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The debating societies hold their first meeting tonight; and we hope that they may be good meetings. These societies are cultivating, and with no mean speed, an increasing interest in debating. The position which this branch of education formerly held in the University was nothing short of absurd. In a country where good public speakers are a government necessity, and where the number of such speakers is at present distressingly small, it seems beyond comprehension that young men in a position to make themselves good speakers should wholly let slip the opportunity.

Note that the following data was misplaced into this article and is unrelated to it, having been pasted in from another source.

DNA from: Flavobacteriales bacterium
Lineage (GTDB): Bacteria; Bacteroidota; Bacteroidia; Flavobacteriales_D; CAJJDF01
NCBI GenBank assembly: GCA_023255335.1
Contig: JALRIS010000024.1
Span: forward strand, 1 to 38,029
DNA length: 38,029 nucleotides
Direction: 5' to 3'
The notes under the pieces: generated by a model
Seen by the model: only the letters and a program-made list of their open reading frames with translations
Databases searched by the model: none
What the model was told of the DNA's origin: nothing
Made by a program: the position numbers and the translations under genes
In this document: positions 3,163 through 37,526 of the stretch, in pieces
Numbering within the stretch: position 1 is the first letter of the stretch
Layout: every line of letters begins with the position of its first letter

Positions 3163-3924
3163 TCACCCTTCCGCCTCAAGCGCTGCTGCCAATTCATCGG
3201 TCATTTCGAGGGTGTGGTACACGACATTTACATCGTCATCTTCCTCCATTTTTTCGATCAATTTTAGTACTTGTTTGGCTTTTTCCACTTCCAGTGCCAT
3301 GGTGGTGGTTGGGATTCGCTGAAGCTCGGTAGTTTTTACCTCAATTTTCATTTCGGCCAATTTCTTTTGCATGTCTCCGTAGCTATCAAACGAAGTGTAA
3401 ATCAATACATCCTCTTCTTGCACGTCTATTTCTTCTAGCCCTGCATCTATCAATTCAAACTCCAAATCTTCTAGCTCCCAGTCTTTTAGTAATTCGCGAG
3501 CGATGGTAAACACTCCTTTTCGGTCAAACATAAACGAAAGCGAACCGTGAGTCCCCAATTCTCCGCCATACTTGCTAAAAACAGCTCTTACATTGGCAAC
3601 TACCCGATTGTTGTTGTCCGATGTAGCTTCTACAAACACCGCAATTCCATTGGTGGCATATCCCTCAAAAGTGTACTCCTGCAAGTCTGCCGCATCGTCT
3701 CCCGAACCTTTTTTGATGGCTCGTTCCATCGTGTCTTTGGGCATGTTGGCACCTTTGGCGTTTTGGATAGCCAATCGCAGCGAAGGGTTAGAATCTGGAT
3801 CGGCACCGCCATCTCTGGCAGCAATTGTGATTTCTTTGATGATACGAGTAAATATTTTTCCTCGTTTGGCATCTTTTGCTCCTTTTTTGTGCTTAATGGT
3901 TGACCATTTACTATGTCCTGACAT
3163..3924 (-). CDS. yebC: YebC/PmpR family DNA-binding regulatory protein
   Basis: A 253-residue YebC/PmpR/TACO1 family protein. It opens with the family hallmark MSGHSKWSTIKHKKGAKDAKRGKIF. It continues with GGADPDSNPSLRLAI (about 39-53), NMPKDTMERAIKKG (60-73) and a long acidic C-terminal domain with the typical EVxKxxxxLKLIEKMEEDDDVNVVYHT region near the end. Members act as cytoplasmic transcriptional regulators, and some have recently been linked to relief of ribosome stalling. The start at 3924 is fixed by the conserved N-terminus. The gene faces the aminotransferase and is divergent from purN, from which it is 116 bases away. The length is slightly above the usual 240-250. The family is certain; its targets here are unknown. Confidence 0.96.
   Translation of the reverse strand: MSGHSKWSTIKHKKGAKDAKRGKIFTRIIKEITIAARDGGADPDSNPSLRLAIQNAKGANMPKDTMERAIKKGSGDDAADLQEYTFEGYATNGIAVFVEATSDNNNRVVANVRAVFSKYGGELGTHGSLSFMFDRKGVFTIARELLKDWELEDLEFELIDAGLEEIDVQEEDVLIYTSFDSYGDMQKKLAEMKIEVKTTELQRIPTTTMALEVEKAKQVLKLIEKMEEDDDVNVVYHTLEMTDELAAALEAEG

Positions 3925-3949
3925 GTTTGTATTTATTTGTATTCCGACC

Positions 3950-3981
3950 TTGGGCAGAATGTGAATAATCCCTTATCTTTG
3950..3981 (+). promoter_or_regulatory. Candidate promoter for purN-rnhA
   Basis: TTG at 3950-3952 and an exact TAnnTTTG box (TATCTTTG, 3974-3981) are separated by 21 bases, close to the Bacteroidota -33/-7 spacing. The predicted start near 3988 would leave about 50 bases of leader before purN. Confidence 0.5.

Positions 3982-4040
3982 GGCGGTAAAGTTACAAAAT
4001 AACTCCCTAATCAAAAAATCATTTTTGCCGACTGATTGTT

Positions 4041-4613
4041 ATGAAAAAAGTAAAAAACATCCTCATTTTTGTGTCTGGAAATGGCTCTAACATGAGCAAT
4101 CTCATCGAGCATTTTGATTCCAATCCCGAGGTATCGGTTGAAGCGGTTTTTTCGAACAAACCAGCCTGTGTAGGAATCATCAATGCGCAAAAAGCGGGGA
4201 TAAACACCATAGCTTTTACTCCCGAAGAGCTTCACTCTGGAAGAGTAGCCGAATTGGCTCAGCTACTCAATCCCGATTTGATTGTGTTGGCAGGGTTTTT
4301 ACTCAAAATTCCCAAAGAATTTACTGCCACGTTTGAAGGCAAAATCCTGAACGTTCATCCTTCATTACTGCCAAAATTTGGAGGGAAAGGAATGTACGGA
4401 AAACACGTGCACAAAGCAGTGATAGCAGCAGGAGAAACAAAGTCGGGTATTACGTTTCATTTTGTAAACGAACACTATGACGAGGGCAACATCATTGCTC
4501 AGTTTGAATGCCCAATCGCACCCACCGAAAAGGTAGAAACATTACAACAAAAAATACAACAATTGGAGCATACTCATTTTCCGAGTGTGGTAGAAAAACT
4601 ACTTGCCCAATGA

To be sure, debating has a better position today than three years ago. The Yale debates have given new life. But there is need of far more development. Students ought to go into these societies, not of course to build up the societies but to build up themselves. Some of the more noted Harvard graduates have testified to the lamentable lack of power they have felt when called upon to take part in debate. It is fully time for Harvard to produce some graduates who may testify, under similar circumstances, to the sense of power which their college debating training gave them.

Both societies have arranged attractive programmes. We shall be interested to see how effective is the new plan of debate which the Union will try.

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